At least one or more of the foregoing objects, together with the advantages thereof over the known art relating to adhesive tape compositions, which shall become apparent from the specification which follows, are accomplished by the invention as hereinafter described and claimed.
In general, the present invention provides an adhesive tape composition for adhering together the overlapped edges of two layers of rubber sheeting, the adhesive tape comprising a polymer blend comprising at least one ethylene-propylene-diene terpolymer and an adhesive-enhancing polymer selected group consisting of polyisoprene, polybutadiene and ethylene-propylene copolymer and mixtures thereof; at least one tackifying additive compatible with the polymer blend; and a cure package containing a curing agent and at least one accelerator for the polymer blend, the adhesive composition being devoid of butyl rubber.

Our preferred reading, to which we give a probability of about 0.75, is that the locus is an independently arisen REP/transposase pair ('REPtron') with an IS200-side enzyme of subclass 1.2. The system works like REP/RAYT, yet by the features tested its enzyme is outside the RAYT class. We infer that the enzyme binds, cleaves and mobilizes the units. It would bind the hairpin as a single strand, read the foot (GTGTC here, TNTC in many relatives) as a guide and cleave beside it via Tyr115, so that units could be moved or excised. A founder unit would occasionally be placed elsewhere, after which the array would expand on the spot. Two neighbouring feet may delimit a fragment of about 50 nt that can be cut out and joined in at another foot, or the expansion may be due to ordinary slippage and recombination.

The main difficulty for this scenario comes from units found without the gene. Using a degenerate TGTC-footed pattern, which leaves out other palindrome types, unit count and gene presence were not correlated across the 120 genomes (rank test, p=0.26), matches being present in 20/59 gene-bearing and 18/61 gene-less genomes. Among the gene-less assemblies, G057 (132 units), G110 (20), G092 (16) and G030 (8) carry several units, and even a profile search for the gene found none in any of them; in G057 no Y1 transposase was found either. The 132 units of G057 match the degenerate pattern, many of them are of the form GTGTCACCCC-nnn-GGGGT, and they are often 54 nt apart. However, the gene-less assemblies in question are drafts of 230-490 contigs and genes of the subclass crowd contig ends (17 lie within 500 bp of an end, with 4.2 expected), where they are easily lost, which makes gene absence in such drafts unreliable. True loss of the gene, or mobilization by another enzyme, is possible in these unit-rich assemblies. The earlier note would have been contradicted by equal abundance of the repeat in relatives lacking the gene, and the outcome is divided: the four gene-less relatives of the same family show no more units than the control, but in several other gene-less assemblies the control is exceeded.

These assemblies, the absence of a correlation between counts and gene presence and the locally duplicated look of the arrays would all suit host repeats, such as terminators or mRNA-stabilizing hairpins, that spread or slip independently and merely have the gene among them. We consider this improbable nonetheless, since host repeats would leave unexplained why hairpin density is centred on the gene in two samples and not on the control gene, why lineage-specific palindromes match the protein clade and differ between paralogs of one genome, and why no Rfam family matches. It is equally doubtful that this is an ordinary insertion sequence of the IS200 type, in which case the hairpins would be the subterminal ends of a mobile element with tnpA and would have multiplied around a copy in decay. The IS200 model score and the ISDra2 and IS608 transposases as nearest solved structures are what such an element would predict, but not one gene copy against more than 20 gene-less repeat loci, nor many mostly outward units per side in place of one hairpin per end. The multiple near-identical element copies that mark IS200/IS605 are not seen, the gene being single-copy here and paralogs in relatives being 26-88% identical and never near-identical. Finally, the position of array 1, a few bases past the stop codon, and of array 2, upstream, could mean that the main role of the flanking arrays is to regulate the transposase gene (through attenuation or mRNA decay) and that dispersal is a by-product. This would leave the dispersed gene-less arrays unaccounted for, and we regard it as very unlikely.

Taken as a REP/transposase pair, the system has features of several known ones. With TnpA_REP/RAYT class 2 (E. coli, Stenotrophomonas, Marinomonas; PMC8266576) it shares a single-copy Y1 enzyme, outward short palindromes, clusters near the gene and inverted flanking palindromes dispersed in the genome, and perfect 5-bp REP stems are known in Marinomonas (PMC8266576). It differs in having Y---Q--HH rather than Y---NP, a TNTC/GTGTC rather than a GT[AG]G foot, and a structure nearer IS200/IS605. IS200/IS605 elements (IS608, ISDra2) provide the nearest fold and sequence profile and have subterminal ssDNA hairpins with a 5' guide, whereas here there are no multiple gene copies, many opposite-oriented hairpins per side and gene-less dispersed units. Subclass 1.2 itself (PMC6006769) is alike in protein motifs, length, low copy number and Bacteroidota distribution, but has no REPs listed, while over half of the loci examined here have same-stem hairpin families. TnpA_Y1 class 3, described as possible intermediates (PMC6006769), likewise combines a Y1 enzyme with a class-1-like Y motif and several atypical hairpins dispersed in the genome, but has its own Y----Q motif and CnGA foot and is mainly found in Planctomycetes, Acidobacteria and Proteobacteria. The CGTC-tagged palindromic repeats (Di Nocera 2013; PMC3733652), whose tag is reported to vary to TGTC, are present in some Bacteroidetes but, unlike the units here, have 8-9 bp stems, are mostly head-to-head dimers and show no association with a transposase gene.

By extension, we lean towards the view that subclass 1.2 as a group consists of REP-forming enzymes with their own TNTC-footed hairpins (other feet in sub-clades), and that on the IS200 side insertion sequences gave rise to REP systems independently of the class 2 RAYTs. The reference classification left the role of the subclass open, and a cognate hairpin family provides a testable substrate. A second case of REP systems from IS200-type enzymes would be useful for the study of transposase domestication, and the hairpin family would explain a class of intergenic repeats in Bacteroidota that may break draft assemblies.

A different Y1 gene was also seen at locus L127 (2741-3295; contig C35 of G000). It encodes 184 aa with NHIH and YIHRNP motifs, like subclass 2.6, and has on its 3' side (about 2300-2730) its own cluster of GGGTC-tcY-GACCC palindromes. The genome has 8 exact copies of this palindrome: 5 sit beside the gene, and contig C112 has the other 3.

The present invention also provides an adhesive tape composition for adhering together layers of polymeric sheet material, the adhesive tape composition comprising a polymer blend comprising from about 50 to about 90 parts by weight of at least one ethylene- propylene-diene terpolymer; and from about 10 to about 50 parts by weight of an adhesive-enhancing polymer selected from the group consisting of polyisoprene, polybutadiene and ethylene-propylene copolymer and mixtures thereof, to total 100 parts by weight of the polymer blend; from about 50 to about 250 parts by weight of at least one compatible tackifying additive, per 100 parts by weight of the polymer blend; and from about 1.25 to about 10 parts by weight of a cure package containing a curing agent and at least one accelerator for the polymer blend, per 100 parts by weight of the polymer blend.